From Iran’s current monthly production rate of 105 kilograms of 3.5 percent enriched uranium, one can calculate that the centrifuges at the FEP produce about 4,600 SWU per year.   Given that in the past Iran’s centrifuges were each producing about 0.89 SWU per year, 4,600 SWU per year would indicate that the equivalent of about 31 cascades (5,184 centrifuges) were in operation.   Note that Iran had 31 cascades in operation at the end of the last IAEA reporting period on February 20, 2011.   Since the IAEA has indicated that on May 14, 2011, Iran had 35 cascades producing 3.5 percent enriched uranium, this implies that either some cascades are not operating at full effectiveness or that the new cascades only came online near the end of the current IAEA reporting period.   At any rate, one should expect further increases in Iran’s uranium enrichment capacity at the FEP.

Given that Iran has the equivalent of 5,184 centrifuges in operation at the FEP and stockpiles of about 2,455 kilograms of 3.5 percent enriched uranium and 38.3 kilograms of 19.7 percent enriched uranium, it can use batch recycling at the FEP to produce the HEU needed for a nuclear weapon.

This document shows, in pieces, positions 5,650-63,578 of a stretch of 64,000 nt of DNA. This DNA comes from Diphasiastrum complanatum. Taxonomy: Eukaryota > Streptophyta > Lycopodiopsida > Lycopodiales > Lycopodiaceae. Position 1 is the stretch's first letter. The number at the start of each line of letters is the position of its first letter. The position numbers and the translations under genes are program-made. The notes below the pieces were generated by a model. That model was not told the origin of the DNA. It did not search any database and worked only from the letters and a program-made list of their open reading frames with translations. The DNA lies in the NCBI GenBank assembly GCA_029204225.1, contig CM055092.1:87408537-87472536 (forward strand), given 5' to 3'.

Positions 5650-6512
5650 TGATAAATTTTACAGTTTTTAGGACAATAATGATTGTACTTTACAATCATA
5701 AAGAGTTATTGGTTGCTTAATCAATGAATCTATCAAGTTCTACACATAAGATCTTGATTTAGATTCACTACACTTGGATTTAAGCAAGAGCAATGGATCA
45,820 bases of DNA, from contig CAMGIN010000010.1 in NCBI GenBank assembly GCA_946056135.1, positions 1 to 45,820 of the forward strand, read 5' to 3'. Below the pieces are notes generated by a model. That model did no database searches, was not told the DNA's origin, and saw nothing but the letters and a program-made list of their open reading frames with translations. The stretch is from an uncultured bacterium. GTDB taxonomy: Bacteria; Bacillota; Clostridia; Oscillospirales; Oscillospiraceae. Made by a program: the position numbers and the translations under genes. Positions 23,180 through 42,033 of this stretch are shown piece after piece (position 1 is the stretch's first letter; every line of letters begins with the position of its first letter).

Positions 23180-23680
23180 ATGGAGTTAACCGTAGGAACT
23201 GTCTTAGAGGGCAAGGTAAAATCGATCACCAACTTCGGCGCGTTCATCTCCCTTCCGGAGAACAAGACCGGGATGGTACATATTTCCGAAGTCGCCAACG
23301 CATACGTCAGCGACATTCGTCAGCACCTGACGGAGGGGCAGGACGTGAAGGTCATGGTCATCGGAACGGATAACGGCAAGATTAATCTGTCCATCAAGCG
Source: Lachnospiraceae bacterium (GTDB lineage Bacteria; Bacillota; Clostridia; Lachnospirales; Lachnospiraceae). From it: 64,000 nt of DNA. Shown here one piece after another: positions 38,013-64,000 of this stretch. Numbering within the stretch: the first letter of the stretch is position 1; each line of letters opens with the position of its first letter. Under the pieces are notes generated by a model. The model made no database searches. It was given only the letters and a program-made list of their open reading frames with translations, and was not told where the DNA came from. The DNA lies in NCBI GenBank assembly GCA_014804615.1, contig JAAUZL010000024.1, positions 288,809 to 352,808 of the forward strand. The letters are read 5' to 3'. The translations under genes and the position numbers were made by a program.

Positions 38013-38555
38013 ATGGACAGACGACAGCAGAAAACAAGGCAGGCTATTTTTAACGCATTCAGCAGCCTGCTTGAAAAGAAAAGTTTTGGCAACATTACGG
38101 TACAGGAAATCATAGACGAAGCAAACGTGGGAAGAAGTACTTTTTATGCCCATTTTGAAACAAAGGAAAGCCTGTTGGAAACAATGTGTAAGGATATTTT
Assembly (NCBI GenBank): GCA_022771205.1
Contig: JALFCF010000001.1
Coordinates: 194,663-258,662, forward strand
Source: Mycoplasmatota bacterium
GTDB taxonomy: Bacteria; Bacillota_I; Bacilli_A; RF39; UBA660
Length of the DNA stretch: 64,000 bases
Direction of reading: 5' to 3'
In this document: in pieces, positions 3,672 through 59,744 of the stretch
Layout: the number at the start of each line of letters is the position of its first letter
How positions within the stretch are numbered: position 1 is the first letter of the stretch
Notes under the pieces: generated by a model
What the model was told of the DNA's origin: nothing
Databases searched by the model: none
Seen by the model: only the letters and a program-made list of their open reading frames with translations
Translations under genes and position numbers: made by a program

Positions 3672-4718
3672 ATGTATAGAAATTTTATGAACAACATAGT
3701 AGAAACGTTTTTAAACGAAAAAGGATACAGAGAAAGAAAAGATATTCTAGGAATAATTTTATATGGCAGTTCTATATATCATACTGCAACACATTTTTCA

Two steps are required.   In the first step, 3.5 percent enriched uranium is enriched to 19.7 percent enriched uranium.   Iran would need to produce 158.2 kilograms of 19.7 percent enriched uranium (including 5 kilograms for the plant inventory in the second step).   However, since it has already produced 38.3 kilograms of 19.7 percent enriched uranium, Iran would need only to produce an additional 119.9 kilograms.   This step would require 1,415 kilograms of 3.5 percent enriched uranium as feed but Iran’s current stockpile well exceeds this figure.   In the second step, the 19.7 percent enriched uranium would be further enriched to the 90 percent level suitable for a nuclear weapon.  Using Iran’s currently operating centrifuges at the FEP, the batch recycling would take about two months.